Translating values to code

Knowing which values to promote is only the first step. Interpreting and then embedding editorial values into personalisation algorithms also proved to be a thorny issue. Participants demonstrated the difficulties of doing so by discussing a simple concept at the centre of recommender systems: relevancy. Deciding that a personalisation system should recommend ‘relevant’ articles triggers hard questions like which criteria determine relevancy, how we can measure users’ interest beyond what they click into, and how to weigh users’ interests against what editors feel is relevant.

Participants emphasised the danger of using third party algorithms in this context. The values embedded in these algorithms might not match the editorial values of the media organisation which ends up using the algorithm. For example, an algorithm originally developed for eCommerce recommendations may import commercial success metrics which conflict with an organisation’s editorial values. Similarly, an algorithm developed for commercial media organisations might not meet the specific editorial needs of a public service broadcaster, which would be problematic.

Participants proposed several solutions. When using third party algorithms, the first step is to be aware of this problem. This involves identifying the values embedded in the algorithm so they can be removed or changed if necessary. Participants also suggested that media organisations might need to develop their own algorithms if they want to ensure that algorithmic values match their editorial values. This might be a significant barrier to implementing news personalisation, especially for smaller organisations. Importantly however, and in contrast with the traditional proprietary black box narrative, participants with technical expertise reported a relatively high degree of willingness among their colleagues to share experiences and insights on developing personalisation algorithms. This is a promising development.

Developing an in-house algorithm is not an excuse to sit back, however. Across the board, participants emphasised the need continually to measure the impact of algorithms on the media organisation’s editorial values. This involves both checking whether they actually promote the values of the media organisation that use them, and monitoring for unwanted side effects like a decrease in the diversity of the news the organisation provides to its readers.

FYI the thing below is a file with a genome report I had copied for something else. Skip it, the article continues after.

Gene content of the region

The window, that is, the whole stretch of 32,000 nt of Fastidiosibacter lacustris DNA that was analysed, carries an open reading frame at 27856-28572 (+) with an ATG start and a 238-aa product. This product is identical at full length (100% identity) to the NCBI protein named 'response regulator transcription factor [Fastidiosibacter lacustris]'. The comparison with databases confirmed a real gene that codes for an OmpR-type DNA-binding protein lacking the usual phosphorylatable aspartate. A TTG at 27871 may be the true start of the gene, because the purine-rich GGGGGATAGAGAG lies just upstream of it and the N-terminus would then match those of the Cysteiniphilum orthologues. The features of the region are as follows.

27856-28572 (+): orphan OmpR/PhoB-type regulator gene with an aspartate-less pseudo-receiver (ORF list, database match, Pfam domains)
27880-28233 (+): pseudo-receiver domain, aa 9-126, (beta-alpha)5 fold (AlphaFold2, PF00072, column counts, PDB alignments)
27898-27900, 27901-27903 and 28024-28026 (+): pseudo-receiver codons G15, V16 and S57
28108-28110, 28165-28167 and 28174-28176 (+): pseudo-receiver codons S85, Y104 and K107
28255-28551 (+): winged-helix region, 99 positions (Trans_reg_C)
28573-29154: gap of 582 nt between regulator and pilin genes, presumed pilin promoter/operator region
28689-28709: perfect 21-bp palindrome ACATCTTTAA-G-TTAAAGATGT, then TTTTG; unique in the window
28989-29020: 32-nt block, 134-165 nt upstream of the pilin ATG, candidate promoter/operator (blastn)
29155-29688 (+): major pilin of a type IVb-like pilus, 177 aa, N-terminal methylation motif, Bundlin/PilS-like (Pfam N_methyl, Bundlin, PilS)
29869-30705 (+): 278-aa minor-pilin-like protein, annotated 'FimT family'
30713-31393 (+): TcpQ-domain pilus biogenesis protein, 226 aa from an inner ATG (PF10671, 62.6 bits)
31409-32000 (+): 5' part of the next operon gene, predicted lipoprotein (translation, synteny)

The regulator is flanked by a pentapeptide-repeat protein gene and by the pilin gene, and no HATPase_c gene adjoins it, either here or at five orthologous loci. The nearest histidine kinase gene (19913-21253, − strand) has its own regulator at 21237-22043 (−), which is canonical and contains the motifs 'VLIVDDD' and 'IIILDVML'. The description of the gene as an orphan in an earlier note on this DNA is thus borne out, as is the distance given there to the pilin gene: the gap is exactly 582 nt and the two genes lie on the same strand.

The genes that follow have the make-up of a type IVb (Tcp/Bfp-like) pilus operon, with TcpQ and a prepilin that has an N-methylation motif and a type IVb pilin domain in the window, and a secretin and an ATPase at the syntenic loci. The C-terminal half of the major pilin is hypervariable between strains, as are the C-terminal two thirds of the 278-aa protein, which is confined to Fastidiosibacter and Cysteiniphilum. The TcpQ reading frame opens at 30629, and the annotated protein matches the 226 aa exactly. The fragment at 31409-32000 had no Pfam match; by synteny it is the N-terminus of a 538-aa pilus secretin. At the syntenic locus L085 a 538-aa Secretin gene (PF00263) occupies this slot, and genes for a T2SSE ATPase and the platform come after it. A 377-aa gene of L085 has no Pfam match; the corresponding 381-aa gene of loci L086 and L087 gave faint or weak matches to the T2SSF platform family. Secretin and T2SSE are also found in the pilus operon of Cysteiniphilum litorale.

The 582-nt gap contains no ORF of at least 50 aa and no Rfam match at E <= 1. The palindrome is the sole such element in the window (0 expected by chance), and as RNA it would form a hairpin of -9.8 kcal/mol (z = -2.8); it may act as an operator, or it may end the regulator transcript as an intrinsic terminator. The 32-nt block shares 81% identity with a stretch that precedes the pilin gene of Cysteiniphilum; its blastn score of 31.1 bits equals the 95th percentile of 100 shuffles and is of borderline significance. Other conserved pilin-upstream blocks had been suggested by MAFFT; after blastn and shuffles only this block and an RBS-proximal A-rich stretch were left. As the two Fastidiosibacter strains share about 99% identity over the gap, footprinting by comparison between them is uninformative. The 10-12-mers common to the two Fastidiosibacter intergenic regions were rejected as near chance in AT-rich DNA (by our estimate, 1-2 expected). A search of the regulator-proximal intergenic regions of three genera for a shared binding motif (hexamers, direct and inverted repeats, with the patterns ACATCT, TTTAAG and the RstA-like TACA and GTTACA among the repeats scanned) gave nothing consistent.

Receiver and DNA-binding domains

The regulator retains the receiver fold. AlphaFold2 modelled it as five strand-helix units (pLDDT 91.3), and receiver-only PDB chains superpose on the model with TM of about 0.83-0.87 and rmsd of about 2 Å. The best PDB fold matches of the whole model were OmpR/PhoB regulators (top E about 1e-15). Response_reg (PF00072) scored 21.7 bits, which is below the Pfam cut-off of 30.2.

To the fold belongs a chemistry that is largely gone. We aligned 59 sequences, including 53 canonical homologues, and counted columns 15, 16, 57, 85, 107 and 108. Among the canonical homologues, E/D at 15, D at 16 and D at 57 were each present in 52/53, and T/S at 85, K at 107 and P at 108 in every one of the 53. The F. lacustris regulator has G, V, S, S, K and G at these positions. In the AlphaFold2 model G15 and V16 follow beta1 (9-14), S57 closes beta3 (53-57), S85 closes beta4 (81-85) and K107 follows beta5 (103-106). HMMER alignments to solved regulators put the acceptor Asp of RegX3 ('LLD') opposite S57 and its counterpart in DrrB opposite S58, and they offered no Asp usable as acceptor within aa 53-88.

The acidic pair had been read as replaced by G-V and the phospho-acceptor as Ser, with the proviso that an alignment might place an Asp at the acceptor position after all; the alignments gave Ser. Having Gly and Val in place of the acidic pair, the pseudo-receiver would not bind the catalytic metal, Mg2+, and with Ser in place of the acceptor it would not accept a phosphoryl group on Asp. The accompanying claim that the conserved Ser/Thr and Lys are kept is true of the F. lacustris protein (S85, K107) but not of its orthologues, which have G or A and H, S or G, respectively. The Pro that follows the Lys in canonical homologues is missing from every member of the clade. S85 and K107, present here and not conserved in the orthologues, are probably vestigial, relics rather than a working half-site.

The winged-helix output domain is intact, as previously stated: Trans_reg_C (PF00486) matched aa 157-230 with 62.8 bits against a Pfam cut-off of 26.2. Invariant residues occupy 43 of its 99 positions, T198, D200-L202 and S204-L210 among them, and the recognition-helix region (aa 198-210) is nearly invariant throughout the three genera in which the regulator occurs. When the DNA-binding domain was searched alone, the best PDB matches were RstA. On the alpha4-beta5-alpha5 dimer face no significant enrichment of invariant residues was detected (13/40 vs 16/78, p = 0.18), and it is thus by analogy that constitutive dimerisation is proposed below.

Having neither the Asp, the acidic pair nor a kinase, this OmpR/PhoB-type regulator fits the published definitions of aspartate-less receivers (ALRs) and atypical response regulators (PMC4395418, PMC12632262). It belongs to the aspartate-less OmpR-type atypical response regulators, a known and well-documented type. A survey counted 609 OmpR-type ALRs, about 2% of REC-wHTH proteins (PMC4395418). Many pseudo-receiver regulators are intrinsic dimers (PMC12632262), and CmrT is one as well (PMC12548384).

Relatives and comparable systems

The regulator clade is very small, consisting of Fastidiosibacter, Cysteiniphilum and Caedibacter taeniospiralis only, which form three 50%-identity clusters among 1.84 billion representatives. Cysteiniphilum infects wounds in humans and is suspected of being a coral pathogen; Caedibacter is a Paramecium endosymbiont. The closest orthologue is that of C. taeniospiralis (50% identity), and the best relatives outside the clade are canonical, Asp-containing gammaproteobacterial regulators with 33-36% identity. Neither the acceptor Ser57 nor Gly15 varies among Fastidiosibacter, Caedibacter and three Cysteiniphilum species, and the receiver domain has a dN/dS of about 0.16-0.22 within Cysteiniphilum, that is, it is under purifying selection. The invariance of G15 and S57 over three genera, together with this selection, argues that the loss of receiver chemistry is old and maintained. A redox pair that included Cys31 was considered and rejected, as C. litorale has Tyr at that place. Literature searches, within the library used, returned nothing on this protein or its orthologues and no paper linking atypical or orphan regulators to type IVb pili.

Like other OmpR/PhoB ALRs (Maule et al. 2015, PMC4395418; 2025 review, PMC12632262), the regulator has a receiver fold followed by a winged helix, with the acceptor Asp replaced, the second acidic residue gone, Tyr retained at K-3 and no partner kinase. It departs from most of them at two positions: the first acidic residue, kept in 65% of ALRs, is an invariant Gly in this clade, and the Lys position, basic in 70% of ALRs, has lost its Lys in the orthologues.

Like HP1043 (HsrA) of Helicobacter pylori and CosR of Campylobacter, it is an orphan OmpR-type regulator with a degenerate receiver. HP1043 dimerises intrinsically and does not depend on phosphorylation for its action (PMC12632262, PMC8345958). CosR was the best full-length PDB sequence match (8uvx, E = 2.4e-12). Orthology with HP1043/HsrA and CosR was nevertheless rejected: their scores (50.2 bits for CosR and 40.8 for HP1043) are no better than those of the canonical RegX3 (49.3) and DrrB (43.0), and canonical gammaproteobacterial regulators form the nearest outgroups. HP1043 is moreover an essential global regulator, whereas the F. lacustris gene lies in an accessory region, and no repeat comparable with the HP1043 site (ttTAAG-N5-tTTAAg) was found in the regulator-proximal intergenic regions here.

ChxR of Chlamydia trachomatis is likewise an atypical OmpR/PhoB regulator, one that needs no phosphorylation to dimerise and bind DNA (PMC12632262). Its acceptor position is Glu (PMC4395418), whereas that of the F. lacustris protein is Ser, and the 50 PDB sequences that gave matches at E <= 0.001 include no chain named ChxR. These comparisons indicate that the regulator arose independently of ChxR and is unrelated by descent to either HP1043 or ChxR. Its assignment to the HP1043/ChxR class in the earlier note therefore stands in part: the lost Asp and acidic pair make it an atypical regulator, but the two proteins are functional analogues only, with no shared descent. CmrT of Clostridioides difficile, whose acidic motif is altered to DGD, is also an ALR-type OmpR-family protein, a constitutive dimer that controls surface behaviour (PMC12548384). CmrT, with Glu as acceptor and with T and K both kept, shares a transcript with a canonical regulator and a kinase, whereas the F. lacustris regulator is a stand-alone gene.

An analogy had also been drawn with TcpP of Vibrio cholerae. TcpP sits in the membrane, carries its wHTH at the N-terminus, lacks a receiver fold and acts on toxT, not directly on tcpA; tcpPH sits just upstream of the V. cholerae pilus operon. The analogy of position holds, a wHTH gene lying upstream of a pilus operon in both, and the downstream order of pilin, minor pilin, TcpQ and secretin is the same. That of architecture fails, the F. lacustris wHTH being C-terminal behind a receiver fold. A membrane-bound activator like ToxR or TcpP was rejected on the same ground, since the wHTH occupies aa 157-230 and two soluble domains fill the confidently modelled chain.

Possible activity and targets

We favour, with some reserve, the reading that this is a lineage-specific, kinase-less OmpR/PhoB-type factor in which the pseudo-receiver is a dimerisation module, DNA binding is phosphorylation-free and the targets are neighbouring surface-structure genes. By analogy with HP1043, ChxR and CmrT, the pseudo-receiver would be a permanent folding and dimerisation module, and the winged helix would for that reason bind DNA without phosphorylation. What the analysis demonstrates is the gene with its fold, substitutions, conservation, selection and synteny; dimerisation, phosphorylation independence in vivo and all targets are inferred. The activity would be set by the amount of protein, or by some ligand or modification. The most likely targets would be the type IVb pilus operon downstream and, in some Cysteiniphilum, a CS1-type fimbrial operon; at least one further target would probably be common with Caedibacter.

Participants saw an important role for academia on this front. Apart from conceptual research into the meaning of editorial values, academics could also collaborate with the news media and use their expertise to develop the necessary measurement tools. The FairNews project, in which the University of Amsterdam, TU Delft and Dutch daily De Volkskrant work together to ensure algorithmic recommendations are implemented in a fair way, is a good example.

Bringing people together

There are also human challenges. Participants emphasised the importance of having an organisational structure that allows personalisation to succeed. Internally, this requires journalists and editors to engage with news personalisation and the technologists who build the algorithm. A failure on the editorial side to communicate what is required can put the entire process of embedding editorial values into the algorithm at risk. To convince hesitant journalists and editors, participants suggested news personalisation could first be introduced in addition to the services editors and journalists already provide. This way, the technology could prove its worth without creating the risk that existing services are replaced with automated and inferior alternatives.

This article gives the views of the author and does not represent the position of the LSE Media Policy Project blog, nor of the London School of Economics and Political Science.